Salazar's visit to the Arsenal was his first return to his home state of Colorado since becoming Secretary of the Interior. U.S. Rep. Ed Perlmutter, officials from Northeast Greenway Corridor local governments, and other community partners joined Salazar on the tour.
Service officials briefed the Secretary about "shovel ready" construction projects at the Arsenal and at other Service facilities in Colorado aimed at advancing the agency's conservation mission while stimulating the nation's economy.
"The transformation of the Rocky Mountain Arsenal from Superfund site to wildlife refuge, and its integration into broader open space efforts along the Northeast Greenway, is a proud product of years of collaborative work among stakeholders," Salazar said. "I am pleased the Fish and Wildlife Service is ready to undertake conservation projects at the Arsenal and beyond that would help reenergize our nation's economy."
Fish and Wildlife Service officials also briefed Salazar about other conservation-related stimulus possibilities, including improvements to units of the National Fish Hatchery System and habitat restoration projects in Colorado and the other states in the agency's Mountain-Prairie Region. Possible projects in Colorado include an auto tour route at Monte Vista NWR in the San Luis Valley; energy retrofits at Arapaho NWR, in Jackson County and Leadville NFH; an effluent system at Hotchkiss NFH; fish passage projects in the Upper Colorado River System on the Western Slope; and new infrastructure at the National Black-footed Ferret Conservation Center, north of Ft. Collins.
The projects at the Arsenal and throughout Colorado, if approved by Congress, would infuse millions of dollars into the economy.
"The Service stands ready, here in Colorado and across the nation, to support the Secretary's efforts to put Americans back to work for conservation," said the Service's Mountain-Prairie Regional Director Stephen Guertin.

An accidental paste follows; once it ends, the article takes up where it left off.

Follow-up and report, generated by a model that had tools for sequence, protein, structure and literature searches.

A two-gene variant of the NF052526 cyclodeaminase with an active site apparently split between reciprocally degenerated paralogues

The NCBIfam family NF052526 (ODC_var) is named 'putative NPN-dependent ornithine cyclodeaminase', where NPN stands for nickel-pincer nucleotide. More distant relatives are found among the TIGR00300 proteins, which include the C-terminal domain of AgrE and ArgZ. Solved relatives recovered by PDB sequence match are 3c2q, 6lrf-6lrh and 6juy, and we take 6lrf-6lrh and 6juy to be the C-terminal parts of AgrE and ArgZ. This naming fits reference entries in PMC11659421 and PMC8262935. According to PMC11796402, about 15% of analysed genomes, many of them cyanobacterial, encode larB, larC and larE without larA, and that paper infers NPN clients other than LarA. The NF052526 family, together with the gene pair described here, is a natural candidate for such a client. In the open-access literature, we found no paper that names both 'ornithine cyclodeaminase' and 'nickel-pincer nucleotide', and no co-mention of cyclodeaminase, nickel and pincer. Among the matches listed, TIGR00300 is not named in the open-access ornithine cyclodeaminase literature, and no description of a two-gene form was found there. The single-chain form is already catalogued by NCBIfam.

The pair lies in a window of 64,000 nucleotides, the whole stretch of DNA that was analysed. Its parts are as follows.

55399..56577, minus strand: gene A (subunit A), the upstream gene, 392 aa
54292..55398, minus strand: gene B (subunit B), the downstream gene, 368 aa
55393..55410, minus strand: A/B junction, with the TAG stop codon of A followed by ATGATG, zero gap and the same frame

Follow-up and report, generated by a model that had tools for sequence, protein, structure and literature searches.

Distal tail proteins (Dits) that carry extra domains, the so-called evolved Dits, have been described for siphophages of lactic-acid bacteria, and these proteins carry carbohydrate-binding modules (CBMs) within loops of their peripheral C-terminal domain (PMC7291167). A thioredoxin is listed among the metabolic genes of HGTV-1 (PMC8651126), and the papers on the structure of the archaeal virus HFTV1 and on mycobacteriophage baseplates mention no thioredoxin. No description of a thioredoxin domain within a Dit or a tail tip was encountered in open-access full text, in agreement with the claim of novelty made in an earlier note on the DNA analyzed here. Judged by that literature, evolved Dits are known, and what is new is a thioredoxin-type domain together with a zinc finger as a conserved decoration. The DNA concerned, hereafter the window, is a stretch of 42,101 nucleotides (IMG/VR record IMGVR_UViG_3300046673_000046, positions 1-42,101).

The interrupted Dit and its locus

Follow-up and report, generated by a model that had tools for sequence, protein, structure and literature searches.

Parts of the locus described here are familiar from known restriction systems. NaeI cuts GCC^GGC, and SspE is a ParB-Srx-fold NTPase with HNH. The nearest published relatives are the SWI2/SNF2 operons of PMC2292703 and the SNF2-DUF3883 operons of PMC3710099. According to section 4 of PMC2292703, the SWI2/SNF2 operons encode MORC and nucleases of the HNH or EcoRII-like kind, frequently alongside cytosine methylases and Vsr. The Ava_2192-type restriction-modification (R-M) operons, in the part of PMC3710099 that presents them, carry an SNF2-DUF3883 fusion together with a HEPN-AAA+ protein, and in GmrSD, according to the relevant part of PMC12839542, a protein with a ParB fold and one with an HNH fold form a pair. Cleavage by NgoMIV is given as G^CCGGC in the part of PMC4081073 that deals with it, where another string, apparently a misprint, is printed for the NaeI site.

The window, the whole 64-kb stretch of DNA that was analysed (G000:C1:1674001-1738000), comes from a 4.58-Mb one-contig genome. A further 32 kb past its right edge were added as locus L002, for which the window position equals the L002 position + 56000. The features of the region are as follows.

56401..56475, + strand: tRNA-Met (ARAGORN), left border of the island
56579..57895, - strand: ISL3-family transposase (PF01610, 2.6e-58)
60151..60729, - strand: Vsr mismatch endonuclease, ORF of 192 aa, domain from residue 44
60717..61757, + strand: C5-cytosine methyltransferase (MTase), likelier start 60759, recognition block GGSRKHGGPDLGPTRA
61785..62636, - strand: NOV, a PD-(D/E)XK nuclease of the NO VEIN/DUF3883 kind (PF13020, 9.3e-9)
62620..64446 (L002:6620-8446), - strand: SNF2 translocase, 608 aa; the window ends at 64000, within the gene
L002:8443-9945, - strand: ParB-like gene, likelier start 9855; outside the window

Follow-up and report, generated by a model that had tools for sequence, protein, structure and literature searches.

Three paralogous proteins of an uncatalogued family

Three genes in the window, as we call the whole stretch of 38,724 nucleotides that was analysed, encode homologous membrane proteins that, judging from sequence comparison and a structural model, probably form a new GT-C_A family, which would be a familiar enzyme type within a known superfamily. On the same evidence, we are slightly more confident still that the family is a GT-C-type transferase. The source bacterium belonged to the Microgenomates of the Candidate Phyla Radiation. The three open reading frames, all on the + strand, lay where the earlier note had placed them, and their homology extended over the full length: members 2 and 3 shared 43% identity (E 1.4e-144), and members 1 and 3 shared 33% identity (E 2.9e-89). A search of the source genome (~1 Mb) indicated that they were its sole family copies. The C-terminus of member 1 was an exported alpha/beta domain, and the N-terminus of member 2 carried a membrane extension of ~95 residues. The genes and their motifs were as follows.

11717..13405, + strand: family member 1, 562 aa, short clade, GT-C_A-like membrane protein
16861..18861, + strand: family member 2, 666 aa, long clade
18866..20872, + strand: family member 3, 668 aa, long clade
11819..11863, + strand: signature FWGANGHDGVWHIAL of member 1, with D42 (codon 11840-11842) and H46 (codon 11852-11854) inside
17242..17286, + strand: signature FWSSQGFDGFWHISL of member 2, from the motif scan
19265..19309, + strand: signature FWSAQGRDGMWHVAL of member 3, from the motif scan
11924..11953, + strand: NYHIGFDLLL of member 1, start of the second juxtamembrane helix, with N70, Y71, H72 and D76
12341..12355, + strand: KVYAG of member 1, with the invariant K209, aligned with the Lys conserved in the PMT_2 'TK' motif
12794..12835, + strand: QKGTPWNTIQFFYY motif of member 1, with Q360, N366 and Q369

The 27-square-mile refuge is one of the largest Superfund sites in the country. After World War II ended, some of the facilities were leased to private industry for the production of industrial and agricultural chemicals. The Arsenal later became a site for chemical agent demilitarization programs. Since 1985, the site's sole mission has been environmental remediation. In 1987, the Arsenal was listed on EPA's Superfund National Priorities List.
Currently, the Arsenal is nearing the completion of an extensive and safe environmental cleanup of the site's soil, structures and groundwater. Cleanup plans were developed and approved by the U.S. Army, U.S. Fish and Wildlife Service, the state of Colorado, the U.S. Environmental Protection Agency and Shell Oil Company. Once the cleanup is complete, the remainder of the Arsenal's vast open spaces will officially transition to one of the largest urban national wildlife refuges in the nation.
At present, the U.S. Fish and Wildlife Service administers 12,000 acres of the site as a unit of the National Wildlife Refuge System, the nation's premier network of lands and waters managed for the conservation of wildlife and their habitats. The Arsenal is part of the larger Rocky Mountain Arsenal National Wildlife Refuge Complex, which includes Rocky Flats NWR, west of metropolitan Denver, and Two Ponds NWR, in north-central metro Denver.
The site now provides sanctuary for more than 330 species of wildlife, including bison, burrowing owls, bald eagles and other raptors, as well as migratory waterfowl and resident species such as mule and white-tailed deer, coyotes, and badgers. The cleanup is approximately three-quarters complete and is expected to conclude in 2011.